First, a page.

xvi Letter of Transmission.
of the Country party, voted aye, as did George of Cecil. On the 30th, the
Country party made an attempt to have the duty again reduced to 2/6, and
succeeded by a vote of 17 to 22. From the first division, Waughop had changed
his vote to favor the smaller sum, Dulany was absent, Woolford had arrived,
and voted with the other three Dorchester delegates, who changed their votes
for the 2/6, the three Somerset men also changed their votes. The fourth
member of the Cecil delegation had come, and the delegation voted 2 to 2,
instead of casting three votes for the larger amount. Hemsley of Queen Anne's
was absent. Prince George's voted unanimously for the smaller amount, and
two from Baltimore as well as three from Charles, changed their votes from
the larger amount.
(4) On May 4, there were two divisions as to payment of Councillors. It
was first decided, by a vote of 19 to 23, to pay them nothing for 1733. In the
affirmative were Key, Read and Waughop of St. Mary's, who had been of
Country party leanings, while the Kent County delegation, presumably
favoring the Proprietary, voted no. Colonel Mackall voted no. The three
Somerset men voted yes. Francis of Talbot voted no, as did Brown of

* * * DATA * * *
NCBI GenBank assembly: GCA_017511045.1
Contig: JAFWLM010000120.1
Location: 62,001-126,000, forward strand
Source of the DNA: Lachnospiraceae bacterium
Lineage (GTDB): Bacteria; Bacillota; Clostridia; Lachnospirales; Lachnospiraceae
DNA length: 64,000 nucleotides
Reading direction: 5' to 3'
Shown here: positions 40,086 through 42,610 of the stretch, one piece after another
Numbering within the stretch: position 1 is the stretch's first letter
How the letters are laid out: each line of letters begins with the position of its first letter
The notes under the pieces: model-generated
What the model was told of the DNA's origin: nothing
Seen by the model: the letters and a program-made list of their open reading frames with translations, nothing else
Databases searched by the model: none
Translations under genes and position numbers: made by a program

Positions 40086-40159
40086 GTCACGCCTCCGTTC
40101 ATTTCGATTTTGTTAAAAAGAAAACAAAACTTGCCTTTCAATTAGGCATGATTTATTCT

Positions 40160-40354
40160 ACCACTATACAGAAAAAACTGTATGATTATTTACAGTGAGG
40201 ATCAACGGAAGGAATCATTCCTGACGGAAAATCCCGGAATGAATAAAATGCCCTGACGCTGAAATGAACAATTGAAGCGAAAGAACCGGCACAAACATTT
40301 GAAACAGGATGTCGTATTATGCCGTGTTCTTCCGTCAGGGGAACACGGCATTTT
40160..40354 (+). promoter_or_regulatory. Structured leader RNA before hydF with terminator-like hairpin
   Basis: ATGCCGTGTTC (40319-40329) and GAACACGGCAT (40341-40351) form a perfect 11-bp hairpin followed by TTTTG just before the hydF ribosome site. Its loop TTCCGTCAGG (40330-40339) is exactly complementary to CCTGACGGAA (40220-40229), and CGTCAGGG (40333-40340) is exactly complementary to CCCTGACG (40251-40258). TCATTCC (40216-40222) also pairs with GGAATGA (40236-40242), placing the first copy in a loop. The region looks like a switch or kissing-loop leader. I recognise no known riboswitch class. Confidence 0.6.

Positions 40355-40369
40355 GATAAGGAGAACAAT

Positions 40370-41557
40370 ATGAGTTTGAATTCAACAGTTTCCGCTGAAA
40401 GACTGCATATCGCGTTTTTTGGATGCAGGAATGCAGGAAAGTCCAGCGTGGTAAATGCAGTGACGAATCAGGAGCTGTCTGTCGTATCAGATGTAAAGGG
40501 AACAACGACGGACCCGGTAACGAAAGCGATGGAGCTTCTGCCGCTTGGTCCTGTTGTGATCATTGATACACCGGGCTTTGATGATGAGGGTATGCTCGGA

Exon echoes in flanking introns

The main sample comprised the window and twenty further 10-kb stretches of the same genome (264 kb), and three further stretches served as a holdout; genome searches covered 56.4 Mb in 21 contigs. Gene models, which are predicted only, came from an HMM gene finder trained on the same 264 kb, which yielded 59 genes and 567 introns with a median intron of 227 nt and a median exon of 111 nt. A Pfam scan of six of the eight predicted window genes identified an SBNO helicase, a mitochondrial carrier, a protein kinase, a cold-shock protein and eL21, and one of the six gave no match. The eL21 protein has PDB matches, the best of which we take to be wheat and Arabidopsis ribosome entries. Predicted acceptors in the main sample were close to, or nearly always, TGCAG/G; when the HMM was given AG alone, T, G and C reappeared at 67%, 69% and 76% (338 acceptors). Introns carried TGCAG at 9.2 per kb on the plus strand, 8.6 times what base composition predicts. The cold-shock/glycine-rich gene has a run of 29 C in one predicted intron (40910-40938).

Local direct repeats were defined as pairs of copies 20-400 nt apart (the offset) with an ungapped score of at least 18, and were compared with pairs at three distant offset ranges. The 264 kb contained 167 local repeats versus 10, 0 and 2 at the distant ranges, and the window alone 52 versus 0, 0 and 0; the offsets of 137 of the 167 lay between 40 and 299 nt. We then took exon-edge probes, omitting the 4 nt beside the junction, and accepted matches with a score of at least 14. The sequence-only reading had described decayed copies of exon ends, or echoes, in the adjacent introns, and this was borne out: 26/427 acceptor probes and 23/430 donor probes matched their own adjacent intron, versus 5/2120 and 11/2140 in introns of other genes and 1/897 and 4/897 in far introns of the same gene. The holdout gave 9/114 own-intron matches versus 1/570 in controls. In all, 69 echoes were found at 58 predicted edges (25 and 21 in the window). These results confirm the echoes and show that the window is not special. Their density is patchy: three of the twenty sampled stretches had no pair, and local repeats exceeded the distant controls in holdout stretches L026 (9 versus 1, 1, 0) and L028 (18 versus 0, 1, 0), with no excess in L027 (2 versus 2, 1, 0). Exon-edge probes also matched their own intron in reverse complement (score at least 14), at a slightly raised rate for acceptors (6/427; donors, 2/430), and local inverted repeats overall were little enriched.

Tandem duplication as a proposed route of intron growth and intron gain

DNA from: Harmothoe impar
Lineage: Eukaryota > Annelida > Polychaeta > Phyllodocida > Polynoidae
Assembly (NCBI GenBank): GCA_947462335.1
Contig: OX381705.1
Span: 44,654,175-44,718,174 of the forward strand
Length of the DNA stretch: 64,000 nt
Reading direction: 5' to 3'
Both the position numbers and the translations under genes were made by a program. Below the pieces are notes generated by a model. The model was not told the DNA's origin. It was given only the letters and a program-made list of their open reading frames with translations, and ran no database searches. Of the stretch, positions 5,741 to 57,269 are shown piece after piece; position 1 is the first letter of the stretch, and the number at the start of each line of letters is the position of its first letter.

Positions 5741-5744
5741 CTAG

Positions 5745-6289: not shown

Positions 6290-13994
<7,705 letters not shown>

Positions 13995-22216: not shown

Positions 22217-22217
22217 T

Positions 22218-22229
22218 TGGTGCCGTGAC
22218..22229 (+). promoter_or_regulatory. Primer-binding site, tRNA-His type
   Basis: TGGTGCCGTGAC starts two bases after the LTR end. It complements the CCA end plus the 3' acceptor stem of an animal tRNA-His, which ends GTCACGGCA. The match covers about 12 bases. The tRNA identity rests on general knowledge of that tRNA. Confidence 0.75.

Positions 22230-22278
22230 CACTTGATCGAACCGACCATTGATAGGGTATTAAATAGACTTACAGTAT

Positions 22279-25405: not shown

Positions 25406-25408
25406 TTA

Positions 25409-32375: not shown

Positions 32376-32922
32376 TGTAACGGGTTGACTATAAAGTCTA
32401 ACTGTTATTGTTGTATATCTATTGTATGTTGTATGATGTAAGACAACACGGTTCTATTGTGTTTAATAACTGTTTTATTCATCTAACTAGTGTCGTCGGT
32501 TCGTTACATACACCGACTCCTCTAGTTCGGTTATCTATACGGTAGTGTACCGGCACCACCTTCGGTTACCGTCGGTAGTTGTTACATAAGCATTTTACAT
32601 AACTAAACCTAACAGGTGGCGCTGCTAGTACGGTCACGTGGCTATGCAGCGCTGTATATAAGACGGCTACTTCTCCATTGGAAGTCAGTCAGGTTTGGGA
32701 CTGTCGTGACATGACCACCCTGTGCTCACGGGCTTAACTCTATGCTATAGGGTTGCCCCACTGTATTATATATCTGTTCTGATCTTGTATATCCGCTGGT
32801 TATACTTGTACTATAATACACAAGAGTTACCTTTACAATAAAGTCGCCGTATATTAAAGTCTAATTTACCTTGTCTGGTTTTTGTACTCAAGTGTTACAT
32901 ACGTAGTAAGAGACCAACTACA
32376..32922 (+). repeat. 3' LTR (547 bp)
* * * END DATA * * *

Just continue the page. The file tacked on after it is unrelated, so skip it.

Dorchester, while Trippe and Harper voted aye. George, Wood, and Ward of
Cecil voted aye, while Elliott and Hemsley of Queen Anne's voted nay.
The two Annapolitans voted aye, as did all the delegates from Charles, except
Hawkins. The compromise allowing Councillors' allowances for the present,
was carried by the Speaker's casting vote in the affirmative—the first one
recorded in Maryland—after the House divided 21 to 21. Hall of Kent, and
Brown of Dorchester changed their votes to the affirmative. The rest voted
as before. On May 5, it was voted, 22 to 20, to send a message to the Upper
House embodying this compromise. Hamilton changed his vote to the
affirmative, so no action was needed by the Speaker.
The instruction of August 10, 1734, that Nanticoke Manor be sold, reminds
us that this tract was originally laid out for the use of the tribe of Indians
of that name. (Bozman I, 110-115, 172.) About the beginning of the 19th
Century, it was thought that there might be two or three of the tribe remaining
in Maryland, though these were supposed to have part negro blood.
Marylanders lost sight of the fact that in Delaware a considerable band of
Nanticokes has continued to exist until the present, and is well described in
a pamphlet by Frank G. Speck, published as Volume II no. 4, of the
Contributions from the Museum of the American Indian Heye Foundation.
SAMUEL K. DENNIS,
BERNARD C. STEINER,
JOHN M. VINCENT,
Committee on Publication.